Notes on 1 Corinthians 4:6-13

1 Corinthians 4:6‑13  •  6 min. read  •  grade level: 8
The apostle had thus established both the dependence of the servant on the Lord, and his independence of human scrutiny. Not, of course, that the church is denied its responsibility to judge conduct. Here it is a question of the counsels of the heart, which no man can scan duly, but the Lord will at His coming. “And then,” he adds solemnly, “shall the praise be to each from God.” He could thus speak freely and happily himself. It ought to have searched the conscience of many a Corinthian.
“And these things, brethren, I transferred to myself and Apollos on your account, that ye may in our case learn nothing above what is written,1 in order that ye be not puffed up one for one against another. For who distinguisheth thee? and what hast thou which thou didst not receive? But if thou didst even receive, why boastest thou as not having received? Already ye are filled; already ye have been enriched, apart from us ye reigned; and I would that ye did reign, that we also might reign with you” (ver. 6-8). The apostle explains here what he has also done elsewhere—his applying a principle to himself; and, in this case, to Apollos also, which he meant for others, in order that the saints might be profited. The misleaders at Corinth were really in his view, as the apostle here implies but he lays down a standard, by which he does not hesitate to measure himself and Apollos, which the saints could easily use for others whose pretensions were as high and unfounded as the services of Paul and Apollos were real and of God. Of Him some had lost sight entirely; and each, choosing his leader, was puffed up with party feeling, What is written makes God everything, man at best an instrument, as he is alone rightly a servant. God only makes the difference between one and another, and this especially in divine things. And as it is He who makes a difference, what has anyone that he has not received? and if received, why boast as if it were not so? The folly of Corinthian vanity was evident in being puffed up for those they exalted as their respective chiefs.
But he proceeds to deal a further blow, and this of the keenest irony, as Isaiah scrupled not to do in exposing the folly of idol-worship. Trashy, if not corrupting, doctrine always lowers practice; and the Corinthians had insensibly relinquished or lost the place of sufferers with Christ. This the apostle notices witheringly. When Christ reigns, we shall indeed be at ease, and in the fullest satisfaction; and He will drink the wine new with us in the kingdom of His Father—yea, He will gird Himself, and make us recline at table, and come and serve us as He in His grace deigned to assure us, when He will also set the faithful servant over all that He has. But now is the time to deny self, to take up one's cross, and follow Him, who suffered many, all, things here below. But all was confusion for the Corinthians; their eye was not single, and their body therefore anything but full of light. “Already [that is, before the time] ye are filled, already ye have become rich, apart from us ye reigned, and I would that ye did reign.” For they were deceiving themselves: the time was not yet come. False doctrine had made them false practically to the present object of God. Satan had succeeded in severing them, in walk at least and aims, from the Lord, who nevertheless waits for the time of glory, when He and they shall really reign together. The apostle proceeds to draw out the contrast seen in those to whom, if God had set them “first in the church,” He had given grace to become the greatest and most patient sufferers in the world.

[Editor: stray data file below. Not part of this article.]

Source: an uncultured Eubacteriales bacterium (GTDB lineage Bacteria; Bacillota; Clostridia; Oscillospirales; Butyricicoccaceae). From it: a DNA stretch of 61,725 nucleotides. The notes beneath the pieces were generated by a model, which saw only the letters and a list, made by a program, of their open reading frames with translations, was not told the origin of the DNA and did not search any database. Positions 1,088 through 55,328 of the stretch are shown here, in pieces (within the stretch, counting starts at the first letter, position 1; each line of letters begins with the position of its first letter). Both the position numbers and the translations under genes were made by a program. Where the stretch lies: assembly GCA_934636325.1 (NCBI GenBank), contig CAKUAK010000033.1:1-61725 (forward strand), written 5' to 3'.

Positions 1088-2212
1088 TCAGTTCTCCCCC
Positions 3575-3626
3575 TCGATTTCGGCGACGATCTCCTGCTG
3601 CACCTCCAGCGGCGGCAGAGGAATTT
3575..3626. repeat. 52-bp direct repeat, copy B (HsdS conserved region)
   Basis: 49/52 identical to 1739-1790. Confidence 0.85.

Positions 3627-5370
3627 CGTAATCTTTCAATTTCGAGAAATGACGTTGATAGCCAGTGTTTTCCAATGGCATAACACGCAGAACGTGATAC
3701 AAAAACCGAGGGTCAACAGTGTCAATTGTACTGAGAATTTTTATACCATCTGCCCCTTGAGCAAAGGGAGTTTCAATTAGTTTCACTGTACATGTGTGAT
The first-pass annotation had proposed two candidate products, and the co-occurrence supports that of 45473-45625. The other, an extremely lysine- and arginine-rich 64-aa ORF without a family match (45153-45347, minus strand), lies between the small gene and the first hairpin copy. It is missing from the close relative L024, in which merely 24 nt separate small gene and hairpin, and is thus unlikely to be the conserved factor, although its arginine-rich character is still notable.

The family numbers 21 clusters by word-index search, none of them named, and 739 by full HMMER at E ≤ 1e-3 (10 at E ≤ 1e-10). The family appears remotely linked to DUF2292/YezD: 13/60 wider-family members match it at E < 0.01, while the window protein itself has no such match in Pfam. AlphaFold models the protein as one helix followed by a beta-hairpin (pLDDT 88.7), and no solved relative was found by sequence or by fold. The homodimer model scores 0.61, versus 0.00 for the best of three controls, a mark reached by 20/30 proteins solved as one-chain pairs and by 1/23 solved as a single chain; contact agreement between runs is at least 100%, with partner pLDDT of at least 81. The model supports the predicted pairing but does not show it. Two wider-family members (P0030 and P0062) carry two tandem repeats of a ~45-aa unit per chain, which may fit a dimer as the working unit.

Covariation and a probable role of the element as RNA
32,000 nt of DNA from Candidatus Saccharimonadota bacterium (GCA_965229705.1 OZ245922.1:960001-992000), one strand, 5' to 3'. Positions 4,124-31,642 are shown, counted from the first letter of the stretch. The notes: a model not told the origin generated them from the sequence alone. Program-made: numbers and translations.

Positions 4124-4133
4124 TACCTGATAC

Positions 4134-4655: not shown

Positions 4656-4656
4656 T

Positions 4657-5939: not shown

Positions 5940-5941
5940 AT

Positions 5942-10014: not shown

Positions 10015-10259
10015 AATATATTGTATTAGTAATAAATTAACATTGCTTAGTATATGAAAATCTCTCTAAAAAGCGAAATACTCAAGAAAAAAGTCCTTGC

“For, I think,2 God set us the apostles last as devoted to death, because we became a spectacle to the world, both to angels and men, we, fools for Christ, but ye wise in Christ; we weak, but ye strong; ye illustrious, but we disgraced. Until the present hour we both hunger and thirst, and are naked and buffeted and homeless wanderers, and we toil, working with our own hands; reviled, we bless; persecuted, we suffer; slandered,3 we beseech. We became as the world's scum, offscouring of all, until now (ver. 9-18). It is evident that those who misled the Corinthians, as well as the saints misled by them, had made the church their world, and that fleshly principles had supplanted the grace of Christ for their souls. They had schools and spectacles of their own, as well as the Greeks outside. In a burst of the finest feeling, not without sarcasm but with real love, which could use it for good, the apostle sets out the true path of Christ as one of suffering but, victory over the world. Faith working by love can alone secure such victory. This was apostolic ambition, if ambition there can be of a saintly kind; and this God had given the apostles in appointing them last, nearest to Christ, who had gone down into depths of suffering where none could follow. But there were sufferings of Christ which grace does share with the Christian, and these the apostles knew best, and of the apostles, we may perhaps add, none so much as Paul. Well could he then say, “God set us, the apostles, last, as devoted to death, a spectacle to the world, both to angels and men.” Did the Corinthians wish and claim to be prudent in Christ? The apostles at least were content to be fools for His sake. Were the Corinthians strong and glorious in their own desire and estimate? The apostles gloried in weakness and disgrace; even as Peter and John, on a well-known occasion, went their way rejoicing from before the Sanhedrin, because they had been counted worthy to be dishonored in behalf of the name. Nor was it only the fervor of early zeal. “To the present hour we both hunger and thirst, and are naked and buffeted and homeless wanderers, and labor working with our own hands.” Had not the Corinthians, or their misleaders, counted all this low and eccentric, ascetic and enthusiastic, in Paul? “Railed on, we bless; persecuted, we endure; slandered, we beseech: we became as the world's scum, offscouring of all, until now:” an utter impossibility, of course, not in this or that particular which superstition can readily imitate, but as a whole, save through the constraining and assimilating love of Christ, who cheers those who set out and go on in such a path as this with the bright comfort of reigning along with Him. For I reckon, as the apostle says in Rom. 8, that the sufferings of this present time are of no account in comparison of the glory that is to be revealed in regard to us. If there is a more energetic sketch of the suffering here, it is because apostles are in view rather than the saints at large; but the principle is the same, and the Corinthians had slipped out of it to present ease and dignity, which they thought due to the truth of Christianity—an error which soon culminated, as it still does, in Christendom. Where are those that can expose it, not only in word but in deed and in truth?